According to Decision Resources Group’s Current Treatment report1 on renal anemia, nephrologist interest in HIF-PH inhibitors to treat renal anemia has increased over the last year. In addition, nephrologists believe that significantly more of their dialysis patients are candidates for these agents compared with last year. Decision Resources Group’s Access & Reimbursement report2 on renal anemia suggests that assuming availability, nephrologists expect HIF-PH inhibitors to capture over one-third of their renal anemia patients. In addition, one in three nephrologists reported they would prescribe HIF-PH inhibitors over ESAs in their CKD-ND patients due to its less invasive route of administration.
In our Access & Reimbursement study2, payers reported that they employ a wide range of measures to control access to renal anemia therapies such as the premium-priced ESAs. Payers quoted prior authorization (PA) as the main control across ESAs. However, PA can be overcome as payers generally want to ensure that drugs are used according to the FDA label and are prescribed by specialists. Similar to the ESAs, assuming approval, PA is expected to be the most likely cost control measure implemented for HIF-PH inhibitors, followed by duration restrictions and step therapy. According to the surveyed payers, the rate of uptake for these agents will be broadly dependent on its formulary tiering, and the main market access challenge HIF-PH inhibitors will face is an anticipated high price compared with ESAs—and thus unfavorable tiering. However, two-thirds of payers indicate they would place HIF-PH inhibitors on tier 1 if priced at a 20% discount to ESAs.
Formulating a pricing strategy will be crucial to ensure market access, secure reimbursement, maximize uptake, and realize commercial potential for emerging HIF-PH inhibitors. Surveyed payers are receptive to drugs that can help reduce overall healthcare costs. Thus, emphasis should be placed on demonstrating cost effectiveness. In addition to cost, demonstrating efficacy benefits versus established renal anemia therapies such as ESAs and establishing CV safety will also be key for market uptake of novel HIF-PH inhibitors as these would positively affect prescription and formulary placement of this emerging drug class.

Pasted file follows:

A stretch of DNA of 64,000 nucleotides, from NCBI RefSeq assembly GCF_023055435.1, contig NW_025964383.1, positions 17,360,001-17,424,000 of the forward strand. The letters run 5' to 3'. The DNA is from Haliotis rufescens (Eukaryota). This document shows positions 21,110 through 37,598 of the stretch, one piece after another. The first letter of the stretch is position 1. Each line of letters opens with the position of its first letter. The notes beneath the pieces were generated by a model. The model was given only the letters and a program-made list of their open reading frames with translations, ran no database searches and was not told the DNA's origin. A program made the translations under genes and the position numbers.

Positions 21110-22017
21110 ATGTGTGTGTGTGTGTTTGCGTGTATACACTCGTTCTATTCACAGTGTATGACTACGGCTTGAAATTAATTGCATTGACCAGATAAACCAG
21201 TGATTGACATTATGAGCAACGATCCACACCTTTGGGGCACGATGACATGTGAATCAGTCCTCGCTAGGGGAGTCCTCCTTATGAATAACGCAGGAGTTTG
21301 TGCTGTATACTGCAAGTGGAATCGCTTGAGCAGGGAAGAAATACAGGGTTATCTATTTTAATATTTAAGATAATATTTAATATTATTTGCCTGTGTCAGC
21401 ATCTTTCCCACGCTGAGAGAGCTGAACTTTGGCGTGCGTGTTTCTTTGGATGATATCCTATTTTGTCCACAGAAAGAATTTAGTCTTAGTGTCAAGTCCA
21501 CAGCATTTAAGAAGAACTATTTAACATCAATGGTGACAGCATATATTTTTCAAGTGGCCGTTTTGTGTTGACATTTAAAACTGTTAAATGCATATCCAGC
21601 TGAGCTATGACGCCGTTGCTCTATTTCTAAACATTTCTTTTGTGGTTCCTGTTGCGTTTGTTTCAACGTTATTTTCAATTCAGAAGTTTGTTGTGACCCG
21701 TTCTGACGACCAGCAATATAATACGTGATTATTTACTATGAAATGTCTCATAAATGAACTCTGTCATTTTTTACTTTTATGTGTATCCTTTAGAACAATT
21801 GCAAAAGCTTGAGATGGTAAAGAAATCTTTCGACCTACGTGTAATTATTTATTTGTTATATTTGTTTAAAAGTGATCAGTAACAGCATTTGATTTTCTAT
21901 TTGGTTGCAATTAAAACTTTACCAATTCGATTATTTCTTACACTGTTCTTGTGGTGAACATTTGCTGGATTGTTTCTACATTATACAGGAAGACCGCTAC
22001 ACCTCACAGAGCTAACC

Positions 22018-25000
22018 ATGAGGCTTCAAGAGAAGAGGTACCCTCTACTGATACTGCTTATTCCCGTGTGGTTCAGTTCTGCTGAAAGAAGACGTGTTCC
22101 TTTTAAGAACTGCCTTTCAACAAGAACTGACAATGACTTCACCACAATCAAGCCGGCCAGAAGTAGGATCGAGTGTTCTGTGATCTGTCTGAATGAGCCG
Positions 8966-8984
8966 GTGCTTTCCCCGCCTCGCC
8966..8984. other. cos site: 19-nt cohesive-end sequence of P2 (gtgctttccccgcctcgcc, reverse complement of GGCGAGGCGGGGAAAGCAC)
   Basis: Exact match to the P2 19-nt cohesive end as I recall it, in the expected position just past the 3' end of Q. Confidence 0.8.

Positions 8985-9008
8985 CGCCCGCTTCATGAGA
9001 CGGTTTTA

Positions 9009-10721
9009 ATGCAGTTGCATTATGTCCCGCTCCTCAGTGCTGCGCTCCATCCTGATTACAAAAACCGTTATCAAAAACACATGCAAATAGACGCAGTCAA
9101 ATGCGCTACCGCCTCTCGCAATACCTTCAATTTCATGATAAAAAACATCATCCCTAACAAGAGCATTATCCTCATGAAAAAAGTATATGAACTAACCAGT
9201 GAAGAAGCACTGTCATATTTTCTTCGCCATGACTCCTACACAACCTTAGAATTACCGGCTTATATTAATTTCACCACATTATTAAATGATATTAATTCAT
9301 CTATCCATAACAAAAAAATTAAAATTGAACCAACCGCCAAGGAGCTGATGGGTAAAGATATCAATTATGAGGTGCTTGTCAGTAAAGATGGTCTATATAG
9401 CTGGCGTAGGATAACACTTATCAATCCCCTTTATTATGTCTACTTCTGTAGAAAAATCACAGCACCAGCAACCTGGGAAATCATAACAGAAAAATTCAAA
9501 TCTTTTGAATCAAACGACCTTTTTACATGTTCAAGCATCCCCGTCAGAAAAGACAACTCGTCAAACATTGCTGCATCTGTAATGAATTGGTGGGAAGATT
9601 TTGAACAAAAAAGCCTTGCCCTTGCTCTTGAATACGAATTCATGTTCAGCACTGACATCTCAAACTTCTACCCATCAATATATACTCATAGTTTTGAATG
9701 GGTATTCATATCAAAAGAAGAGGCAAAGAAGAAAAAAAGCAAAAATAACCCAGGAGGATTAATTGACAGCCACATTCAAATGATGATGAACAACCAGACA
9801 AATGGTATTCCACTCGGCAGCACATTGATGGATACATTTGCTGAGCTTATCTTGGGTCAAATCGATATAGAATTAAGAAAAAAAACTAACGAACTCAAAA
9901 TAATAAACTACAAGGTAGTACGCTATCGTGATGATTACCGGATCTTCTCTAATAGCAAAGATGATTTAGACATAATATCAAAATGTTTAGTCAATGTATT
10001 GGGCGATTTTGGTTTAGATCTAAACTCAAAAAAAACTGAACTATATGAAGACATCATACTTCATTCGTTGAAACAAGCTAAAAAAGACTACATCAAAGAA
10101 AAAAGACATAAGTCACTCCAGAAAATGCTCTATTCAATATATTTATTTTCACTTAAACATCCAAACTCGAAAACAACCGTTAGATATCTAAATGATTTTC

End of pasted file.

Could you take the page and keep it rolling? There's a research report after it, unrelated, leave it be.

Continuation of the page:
1 Decision Resources Group’s CurrentTreatment® Renal Anemia Q2 2016 (US) report, published in June 2016, provides a deep dive into, and longitudinal information on, the renal anemia market dynamics. It examines the management of dialysis and mid-to late-stage CKD patients from the perspective of 100 nephrologists. How is renal anemia being treated in the US today, and what are the factors behind those treatment decisions? Also included in this content are sales and messaging efforts of key market players and coverage of late-stage products for the treatment of renal anemia.
2 Decision Resources Group’s Access & Reimbursement® Renal Anemia 2016 (US) report, published in May 2016, examines the market access factors that influence success of therapies for the treatment of renal anemia. This content is based on primary research data with 100 US nephrologists and 30 managed care organization (MCO) pharmacy and medical directors. This research explores how payers and nephrologists interact and how reimbursement decisions impact the prescribing and uptake of specific therapies at the brand level.